European case-study: AMI opportunities in the European power market


Conference: Metering, Billing/CIS America
Location: San Diego, CA, USA
Presenter: Jeffrey Michel
Abstract: Presented by Jeffrey Michel at Metering, Billing/CIS America

The European power market presents challenges and opportunities for Advanced Metering Infrastructures (AMI) that differ from conditions in North America. High supply reliability in Europe has obscured the achievable contribution of demand-side techniques for reducing energy consumption. Meter reading is generally conducted only once a year, so that consumers remain unaware of the extent to which daily behavior and seasonal variations are affecting energy costs. The EU Directive on Energy End-Use Efficiency and Energy Services has been formulated to overcome these deficiencies, while the Directive on the Internal Market for Electricity allows wide configuration flexibility in meter usage. Power meters may be bought by private individuals, with installation, data collection, and maintenance performed by metering contractors. 

EU-15 member states are not on track to reach their collective Kyoto greenhouse gas reduction target of 8 %. The elimination of carbon dioxide emissions has therefore become a crucial opportunity for AMI deployment. In addition to demand-side energy conservation, carbon dioxide emissions can be reduced by switching to natural gas or non-fossil suppliers. Groups of meter users may operate as cooperatives to implement aggregate power purchasing and CO2 trading.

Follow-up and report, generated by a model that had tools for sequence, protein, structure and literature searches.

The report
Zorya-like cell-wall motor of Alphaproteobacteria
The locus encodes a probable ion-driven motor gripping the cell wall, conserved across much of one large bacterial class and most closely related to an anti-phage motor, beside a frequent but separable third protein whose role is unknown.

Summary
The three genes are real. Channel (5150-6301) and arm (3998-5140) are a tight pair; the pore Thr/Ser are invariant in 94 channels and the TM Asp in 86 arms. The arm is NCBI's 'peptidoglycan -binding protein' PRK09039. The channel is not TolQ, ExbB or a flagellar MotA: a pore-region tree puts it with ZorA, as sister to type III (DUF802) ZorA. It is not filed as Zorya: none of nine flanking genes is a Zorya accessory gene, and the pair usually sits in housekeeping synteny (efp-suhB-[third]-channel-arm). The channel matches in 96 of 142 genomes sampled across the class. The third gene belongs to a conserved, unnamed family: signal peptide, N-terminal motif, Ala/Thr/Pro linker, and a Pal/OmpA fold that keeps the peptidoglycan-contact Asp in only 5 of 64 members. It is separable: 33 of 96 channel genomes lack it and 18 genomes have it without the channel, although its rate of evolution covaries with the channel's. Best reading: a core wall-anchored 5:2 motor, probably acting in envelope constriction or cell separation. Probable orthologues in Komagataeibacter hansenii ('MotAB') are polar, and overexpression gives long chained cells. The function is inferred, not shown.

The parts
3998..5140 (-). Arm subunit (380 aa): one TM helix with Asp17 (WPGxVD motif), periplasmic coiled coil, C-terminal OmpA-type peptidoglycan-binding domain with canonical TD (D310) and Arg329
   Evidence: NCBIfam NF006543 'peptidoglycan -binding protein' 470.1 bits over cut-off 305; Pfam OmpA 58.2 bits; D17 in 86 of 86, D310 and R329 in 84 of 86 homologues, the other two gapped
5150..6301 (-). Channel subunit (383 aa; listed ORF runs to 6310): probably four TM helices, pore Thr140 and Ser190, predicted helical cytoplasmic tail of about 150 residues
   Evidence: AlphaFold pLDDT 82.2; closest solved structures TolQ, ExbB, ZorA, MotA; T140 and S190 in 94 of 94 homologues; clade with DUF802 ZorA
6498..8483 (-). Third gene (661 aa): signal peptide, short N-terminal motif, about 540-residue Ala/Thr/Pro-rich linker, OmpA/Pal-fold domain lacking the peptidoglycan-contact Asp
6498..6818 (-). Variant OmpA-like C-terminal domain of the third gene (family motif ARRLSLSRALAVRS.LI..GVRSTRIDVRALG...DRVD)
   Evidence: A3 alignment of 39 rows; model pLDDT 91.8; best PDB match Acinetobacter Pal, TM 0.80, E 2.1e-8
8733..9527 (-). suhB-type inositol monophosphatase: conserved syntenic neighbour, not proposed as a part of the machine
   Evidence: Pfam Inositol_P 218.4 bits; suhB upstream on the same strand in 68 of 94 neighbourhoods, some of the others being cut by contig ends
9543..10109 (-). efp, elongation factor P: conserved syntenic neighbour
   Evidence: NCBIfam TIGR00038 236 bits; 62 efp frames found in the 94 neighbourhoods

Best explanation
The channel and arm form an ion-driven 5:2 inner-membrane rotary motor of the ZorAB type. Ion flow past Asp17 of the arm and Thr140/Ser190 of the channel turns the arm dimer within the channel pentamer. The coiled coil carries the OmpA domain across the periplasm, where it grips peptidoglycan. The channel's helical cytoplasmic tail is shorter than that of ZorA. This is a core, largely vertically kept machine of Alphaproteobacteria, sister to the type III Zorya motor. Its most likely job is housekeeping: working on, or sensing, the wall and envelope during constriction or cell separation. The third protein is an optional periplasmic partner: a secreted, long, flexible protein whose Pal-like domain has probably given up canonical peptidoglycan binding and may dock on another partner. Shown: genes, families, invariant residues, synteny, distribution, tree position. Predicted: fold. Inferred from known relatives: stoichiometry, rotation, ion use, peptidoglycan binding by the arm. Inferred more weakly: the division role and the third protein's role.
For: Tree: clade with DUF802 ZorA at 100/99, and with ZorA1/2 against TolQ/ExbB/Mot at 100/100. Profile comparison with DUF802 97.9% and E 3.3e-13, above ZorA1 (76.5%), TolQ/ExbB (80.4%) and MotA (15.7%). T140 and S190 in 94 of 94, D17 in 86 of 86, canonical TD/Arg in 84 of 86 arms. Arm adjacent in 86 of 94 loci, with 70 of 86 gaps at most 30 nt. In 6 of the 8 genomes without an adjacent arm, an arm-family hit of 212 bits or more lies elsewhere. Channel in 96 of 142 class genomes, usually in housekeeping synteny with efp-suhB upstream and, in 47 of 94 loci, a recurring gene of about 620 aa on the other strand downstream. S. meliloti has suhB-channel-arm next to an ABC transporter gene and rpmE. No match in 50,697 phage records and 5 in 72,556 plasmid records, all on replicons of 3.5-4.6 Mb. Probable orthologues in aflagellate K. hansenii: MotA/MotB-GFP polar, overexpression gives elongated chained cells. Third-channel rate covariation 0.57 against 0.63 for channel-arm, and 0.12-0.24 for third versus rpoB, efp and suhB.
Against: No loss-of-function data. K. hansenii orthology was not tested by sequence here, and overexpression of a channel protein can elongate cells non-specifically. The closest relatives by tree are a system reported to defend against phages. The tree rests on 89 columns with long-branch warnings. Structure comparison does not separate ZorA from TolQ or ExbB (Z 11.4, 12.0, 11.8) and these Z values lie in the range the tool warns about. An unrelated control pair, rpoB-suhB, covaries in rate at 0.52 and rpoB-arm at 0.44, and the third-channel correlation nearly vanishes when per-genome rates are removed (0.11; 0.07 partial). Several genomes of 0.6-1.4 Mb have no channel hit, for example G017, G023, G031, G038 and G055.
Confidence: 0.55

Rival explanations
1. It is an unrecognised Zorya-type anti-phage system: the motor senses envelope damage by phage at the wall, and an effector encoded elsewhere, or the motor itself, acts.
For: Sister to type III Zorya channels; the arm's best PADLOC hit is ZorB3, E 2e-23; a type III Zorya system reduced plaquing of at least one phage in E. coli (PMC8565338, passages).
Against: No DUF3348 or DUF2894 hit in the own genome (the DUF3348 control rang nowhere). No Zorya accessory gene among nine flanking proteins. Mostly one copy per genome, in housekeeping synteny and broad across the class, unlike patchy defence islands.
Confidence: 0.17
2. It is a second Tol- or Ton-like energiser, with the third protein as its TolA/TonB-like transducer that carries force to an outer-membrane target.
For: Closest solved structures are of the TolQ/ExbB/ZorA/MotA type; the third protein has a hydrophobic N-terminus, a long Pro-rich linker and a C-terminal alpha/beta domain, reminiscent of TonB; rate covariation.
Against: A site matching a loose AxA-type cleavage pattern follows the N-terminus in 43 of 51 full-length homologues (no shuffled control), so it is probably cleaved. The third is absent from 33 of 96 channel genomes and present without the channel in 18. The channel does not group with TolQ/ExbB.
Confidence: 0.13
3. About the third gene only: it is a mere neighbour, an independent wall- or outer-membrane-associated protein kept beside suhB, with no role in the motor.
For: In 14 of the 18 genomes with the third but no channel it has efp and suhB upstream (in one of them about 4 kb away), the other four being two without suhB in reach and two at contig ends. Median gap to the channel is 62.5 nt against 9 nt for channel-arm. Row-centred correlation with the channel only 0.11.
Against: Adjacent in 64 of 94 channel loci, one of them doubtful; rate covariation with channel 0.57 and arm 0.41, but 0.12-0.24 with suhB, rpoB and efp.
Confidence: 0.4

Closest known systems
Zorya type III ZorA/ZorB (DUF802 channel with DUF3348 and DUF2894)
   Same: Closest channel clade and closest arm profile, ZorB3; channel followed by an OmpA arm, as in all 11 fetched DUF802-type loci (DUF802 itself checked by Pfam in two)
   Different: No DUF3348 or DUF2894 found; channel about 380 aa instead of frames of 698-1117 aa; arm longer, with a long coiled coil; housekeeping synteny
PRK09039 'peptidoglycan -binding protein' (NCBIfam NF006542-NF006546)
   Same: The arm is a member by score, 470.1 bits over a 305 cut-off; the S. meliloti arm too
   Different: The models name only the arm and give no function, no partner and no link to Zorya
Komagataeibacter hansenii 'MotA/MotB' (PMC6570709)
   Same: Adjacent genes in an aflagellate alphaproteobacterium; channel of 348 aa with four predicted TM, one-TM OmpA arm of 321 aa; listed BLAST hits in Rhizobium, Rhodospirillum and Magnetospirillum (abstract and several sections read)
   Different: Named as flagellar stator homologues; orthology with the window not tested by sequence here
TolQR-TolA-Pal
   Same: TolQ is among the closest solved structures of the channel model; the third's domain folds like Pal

The availability of data intercommunication for sensors and transducers within range of the metering infrastructure permits multiple functions to be realized, including monitoring, supervision, and control applications. Göteborg, Sweden intends to become "the first and only ZigBee city in the world" using an Advanced Metering Infrastructure with a multiplicity of networked household and community services.

A "Smart Metering Map" maintained by the Energy Retail Association in London indicates that metering initiatives in Europe remain largely regionalized and dissociated. In Germany, the Organization of Municipal Utilities expects that only 25% of all households will be equipped with an intelligent power meter by 2015. The short-term replacement of existing meters for all remaining customers thus constitutes a viable marketing opportunity for contractors and suppliers. Additional potential ventures include the metering of renewable power fed into the public grid, for which a separate meter is employed to enable accounting independent of consumption. Using AMI meters instead would allow feed-in prognoses to be made in conjunction with weather data while also providing continuous equipment performance monitoring. 

Regional circumstances and even geographical terrain may influence metering configurations. AMI can prove indispensable for controlling energy consumption in enhancing energy supply security. Under corresponding EU SmartGrids research objectives, the distribution networks of the future will serve customer-driven markets. The procurement of funding for appropriate projects may be facilitated by adopting standards and components supporting this objective. The flexible multifunctional capabilities of AMI can be employed in municipal, business, and residential environments. The reduction of energy consumption will diminish requirements for fossil fuel power generation and the greenhouse gas emissions it entails.